I take advantage of the opportunity to ask multiple Italian publishers and scouts to comment on the takeover of RCS-Libri by Mondadori. This takeover has recently been approved by anti-trust supervisors provided that RCS sells two of its publishing houses (Bompiani and Marsilio). Most of the people I spoke with agreed, there is too much fuss around the whole thing. Mondadori already has quite a few publishers in-house—including Piemme, Sperling & Kupfer and Einaudi, which it acquired a few years ago—and according to the people I questioned, this new takeover will not have a big impact on the market.
An Italian publisher whose name I have been hearing more and more often is Giunti. A number of recognized publishers and editors have recently crossed over from Mondadori. It is even rumored that Giunti is one of the best candidates to take over Bompiani from RCS. This would be a nice, literary gain for the more commercially-oriented Giunti.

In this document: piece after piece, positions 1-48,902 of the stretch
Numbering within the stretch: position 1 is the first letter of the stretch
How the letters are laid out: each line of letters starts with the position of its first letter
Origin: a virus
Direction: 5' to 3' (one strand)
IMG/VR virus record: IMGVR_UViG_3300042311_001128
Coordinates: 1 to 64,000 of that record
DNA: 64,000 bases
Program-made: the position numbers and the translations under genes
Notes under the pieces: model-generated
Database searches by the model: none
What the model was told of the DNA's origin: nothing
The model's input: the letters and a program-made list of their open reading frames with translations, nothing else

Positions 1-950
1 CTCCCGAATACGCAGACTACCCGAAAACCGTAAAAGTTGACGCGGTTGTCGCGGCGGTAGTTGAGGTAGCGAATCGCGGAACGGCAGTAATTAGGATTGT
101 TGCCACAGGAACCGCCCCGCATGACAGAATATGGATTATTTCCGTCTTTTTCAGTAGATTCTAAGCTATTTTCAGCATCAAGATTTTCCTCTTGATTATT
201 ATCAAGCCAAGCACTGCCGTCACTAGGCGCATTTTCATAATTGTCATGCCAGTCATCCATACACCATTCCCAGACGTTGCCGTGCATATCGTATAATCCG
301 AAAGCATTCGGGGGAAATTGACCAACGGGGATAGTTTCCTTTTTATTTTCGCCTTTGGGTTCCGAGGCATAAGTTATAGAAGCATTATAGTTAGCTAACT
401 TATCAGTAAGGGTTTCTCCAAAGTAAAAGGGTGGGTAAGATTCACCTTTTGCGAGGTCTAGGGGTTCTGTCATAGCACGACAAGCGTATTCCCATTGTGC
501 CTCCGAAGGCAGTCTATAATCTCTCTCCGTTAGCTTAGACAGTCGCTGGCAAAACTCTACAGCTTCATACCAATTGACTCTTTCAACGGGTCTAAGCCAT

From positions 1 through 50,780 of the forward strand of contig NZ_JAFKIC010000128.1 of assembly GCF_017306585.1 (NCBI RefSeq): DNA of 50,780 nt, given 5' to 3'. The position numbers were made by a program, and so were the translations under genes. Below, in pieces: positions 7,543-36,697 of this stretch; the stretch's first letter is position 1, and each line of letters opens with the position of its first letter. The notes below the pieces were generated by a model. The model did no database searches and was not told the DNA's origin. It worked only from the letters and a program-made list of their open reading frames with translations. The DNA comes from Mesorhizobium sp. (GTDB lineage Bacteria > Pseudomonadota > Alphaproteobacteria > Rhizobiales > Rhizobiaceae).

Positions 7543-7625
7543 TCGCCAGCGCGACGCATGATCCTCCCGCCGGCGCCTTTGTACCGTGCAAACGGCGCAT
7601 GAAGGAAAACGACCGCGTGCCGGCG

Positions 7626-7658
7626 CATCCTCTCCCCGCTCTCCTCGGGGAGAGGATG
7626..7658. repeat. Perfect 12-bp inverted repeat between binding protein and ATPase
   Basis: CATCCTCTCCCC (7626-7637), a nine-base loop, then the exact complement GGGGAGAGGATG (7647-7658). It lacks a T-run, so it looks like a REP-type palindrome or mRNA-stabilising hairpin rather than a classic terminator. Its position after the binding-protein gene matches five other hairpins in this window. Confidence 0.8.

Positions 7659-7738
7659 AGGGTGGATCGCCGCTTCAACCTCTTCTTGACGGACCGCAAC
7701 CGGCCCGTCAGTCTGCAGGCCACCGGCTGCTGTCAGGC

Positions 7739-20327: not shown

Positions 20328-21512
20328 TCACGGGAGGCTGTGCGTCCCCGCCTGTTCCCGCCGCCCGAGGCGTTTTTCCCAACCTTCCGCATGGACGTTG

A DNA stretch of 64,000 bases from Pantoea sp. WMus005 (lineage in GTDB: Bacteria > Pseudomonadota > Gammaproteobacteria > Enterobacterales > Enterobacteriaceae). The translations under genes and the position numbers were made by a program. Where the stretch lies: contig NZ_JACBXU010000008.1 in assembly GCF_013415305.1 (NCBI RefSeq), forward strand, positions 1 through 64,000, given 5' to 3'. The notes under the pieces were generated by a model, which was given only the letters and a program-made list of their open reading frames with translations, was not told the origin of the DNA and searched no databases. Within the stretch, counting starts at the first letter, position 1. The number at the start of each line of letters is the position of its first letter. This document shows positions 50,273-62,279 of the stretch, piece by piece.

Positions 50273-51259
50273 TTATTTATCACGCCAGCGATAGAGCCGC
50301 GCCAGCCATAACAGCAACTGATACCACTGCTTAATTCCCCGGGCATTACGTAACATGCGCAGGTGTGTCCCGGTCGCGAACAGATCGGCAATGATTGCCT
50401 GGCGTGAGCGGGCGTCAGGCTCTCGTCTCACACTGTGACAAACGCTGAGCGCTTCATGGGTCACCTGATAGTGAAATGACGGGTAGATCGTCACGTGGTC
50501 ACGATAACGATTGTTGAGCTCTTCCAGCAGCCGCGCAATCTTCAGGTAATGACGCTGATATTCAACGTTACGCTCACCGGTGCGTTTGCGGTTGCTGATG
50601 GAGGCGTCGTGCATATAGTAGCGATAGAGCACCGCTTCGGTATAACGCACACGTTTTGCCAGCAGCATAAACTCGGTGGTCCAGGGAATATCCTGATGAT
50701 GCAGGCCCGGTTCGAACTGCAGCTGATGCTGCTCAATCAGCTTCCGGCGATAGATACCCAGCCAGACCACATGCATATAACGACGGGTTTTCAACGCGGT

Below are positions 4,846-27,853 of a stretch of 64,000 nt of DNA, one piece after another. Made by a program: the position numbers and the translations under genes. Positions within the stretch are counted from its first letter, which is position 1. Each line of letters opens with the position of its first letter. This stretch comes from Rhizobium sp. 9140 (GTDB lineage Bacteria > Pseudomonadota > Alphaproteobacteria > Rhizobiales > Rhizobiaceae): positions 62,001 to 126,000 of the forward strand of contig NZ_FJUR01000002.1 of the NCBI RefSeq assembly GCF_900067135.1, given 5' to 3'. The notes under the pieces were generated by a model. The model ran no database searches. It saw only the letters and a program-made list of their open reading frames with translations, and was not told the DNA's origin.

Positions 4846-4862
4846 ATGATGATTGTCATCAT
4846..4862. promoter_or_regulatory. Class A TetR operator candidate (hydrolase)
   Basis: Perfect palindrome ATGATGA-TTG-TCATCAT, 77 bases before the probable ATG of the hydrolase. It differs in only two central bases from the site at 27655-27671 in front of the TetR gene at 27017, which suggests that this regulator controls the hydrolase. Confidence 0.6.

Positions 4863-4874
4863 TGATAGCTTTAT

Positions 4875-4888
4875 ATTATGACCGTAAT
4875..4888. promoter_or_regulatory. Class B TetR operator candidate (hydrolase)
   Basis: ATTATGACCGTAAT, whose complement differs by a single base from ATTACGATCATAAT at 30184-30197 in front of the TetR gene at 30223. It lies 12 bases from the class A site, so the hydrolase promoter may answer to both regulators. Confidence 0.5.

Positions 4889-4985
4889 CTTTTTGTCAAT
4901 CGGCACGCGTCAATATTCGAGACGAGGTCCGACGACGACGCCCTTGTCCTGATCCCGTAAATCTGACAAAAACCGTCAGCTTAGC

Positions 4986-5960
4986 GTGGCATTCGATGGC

Several Italians let me in on THE Italian book of the moment: La scuola cattolica by Eduardo Albinati (Rizzoli), an unexpected bestseller of no less than 1,300 pages. This literary phenomenon is all the buzz in Turin and has already been sold in the Netherlands to Atlas-Contact and in Spain to Lumen. There is even talk about a time before and after La scuola cattolica in today’s Italian literature. Another one of the ‘hot titles’ in London that everyone was talking about was La sostanza del male (Einaudi-Stile Libero) by Luca D’Andrea that, even before its first appearance in Italy, was sold to 18 countries and Notti in bianco, baci a colazione (Einaudi-Stile Libero), a memoir by Matteo Bussola that he started on Facebook, and was to Germany and Spain in the meantime.
Day 2: The success of ‘niche’ publishers